Study: Despite Greater Social Acceptance Divorce Still Seriously Damages a Child’s Prospects in Life
By Tim Waggoner
LONDON, U.K. July 10, 2008 (LifeSiteNews.com) - On the 50th anniversary of a British longitudinal social study, researchers have revealed that the years of collected data indicate that a child whose parents are divorced is more likely to struggle academically, emotionally and in future relationships of their own, reports the Daily Telegraph.
"Divorce has repercussions that reverberate through childhood and into adulthood. Children from disrupted families tend to do less well in school and subsequent careers than their peers. They are also more likely to experience the break-up of their own partnerships," the researchers said.
"The National Child Development Study (NCDS) is a continuing, multi-disciplinary longitudinal study which takes as its subjects all the people born in one week in England, Scotland and Wales in one week in March 1958," reads the website for the Centre for Longitudinal Studies.
The study compares over 17,000 people born in 1958 with several other groups of similar size born in the subsequent decades.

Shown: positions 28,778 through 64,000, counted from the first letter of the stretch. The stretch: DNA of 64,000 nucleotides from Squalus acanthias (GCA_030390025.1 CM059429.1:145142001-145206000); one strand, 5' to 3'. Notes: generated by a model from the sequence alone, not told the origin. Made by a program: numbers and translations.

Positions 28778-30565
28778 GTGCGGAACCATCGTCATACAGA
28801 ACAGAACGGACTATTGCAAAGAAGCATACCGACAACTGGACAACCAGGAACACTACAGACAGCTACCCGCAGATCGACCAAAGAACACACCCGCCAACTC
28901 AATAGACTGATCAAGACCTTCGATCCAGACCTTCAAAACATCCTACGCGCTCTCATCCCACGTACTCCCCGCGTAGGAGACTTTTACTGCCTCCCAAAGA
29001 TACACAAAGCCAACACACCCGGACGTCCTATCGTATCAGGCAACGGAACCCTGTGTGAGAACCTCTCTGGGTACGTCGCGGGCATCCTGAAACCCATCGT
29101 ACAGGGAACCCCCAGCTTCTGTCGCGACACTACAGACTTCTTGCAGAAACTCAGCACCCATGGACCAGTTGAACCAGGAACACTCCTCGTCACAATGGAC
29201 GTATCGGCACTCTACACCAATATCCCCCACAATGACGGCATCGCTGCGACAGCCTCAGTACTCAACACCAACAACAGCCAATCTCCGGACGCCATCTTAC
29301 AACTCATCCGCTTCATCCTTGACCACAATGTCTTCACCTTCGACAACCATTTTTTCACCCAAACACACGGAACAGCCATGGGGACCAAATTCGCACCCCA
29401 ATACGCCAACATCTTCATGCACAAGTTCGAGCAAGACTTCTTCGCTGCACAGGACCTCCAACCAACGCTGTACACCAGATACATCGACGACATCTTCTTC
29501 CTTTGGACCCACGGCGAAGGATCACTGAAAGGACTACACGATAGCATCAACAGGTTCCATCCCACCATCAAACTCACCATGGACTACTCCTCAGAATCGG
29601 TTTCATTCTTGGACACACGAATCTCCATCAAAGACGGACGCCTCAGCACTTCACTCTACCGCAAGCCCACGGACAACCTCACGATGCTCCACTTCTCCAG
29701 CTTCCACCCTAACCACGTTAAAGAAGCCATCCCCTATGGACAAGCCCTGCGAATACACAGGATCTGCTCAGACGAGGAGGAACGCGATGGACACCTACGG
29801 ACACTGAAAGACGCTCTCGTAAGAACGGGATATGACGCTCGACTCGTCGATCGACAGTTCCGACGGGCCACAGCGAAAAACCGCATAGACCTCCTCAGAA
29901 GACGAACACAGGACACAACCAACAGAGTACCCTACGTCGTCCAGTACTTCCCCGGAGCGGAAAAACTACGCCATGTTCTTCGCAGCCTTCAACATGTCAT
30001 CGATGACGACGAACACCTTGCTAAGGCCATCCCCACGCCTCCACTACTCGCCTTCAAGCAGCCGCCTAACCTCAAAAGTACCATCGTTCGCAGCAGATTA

Besides finding an increased divorce rate among couples, the study found that, contrary to the expectations of some, an increased social acceptance of divorce over the years has not reduced the negative effects experienced by the children of divorced parents.
"It might be expected that as divorce has become more commonplace, its effects might have reduced. Yet a comparison with children born in 1970 shows that this is not the case," the researchers said.
"The estimates across cohorts are surprisingly similar in magnitude and not significantly different from one another."
The study found that children from divorced families are less likely to be educated, and are more likely to suffer depression and to be claiming benefits.
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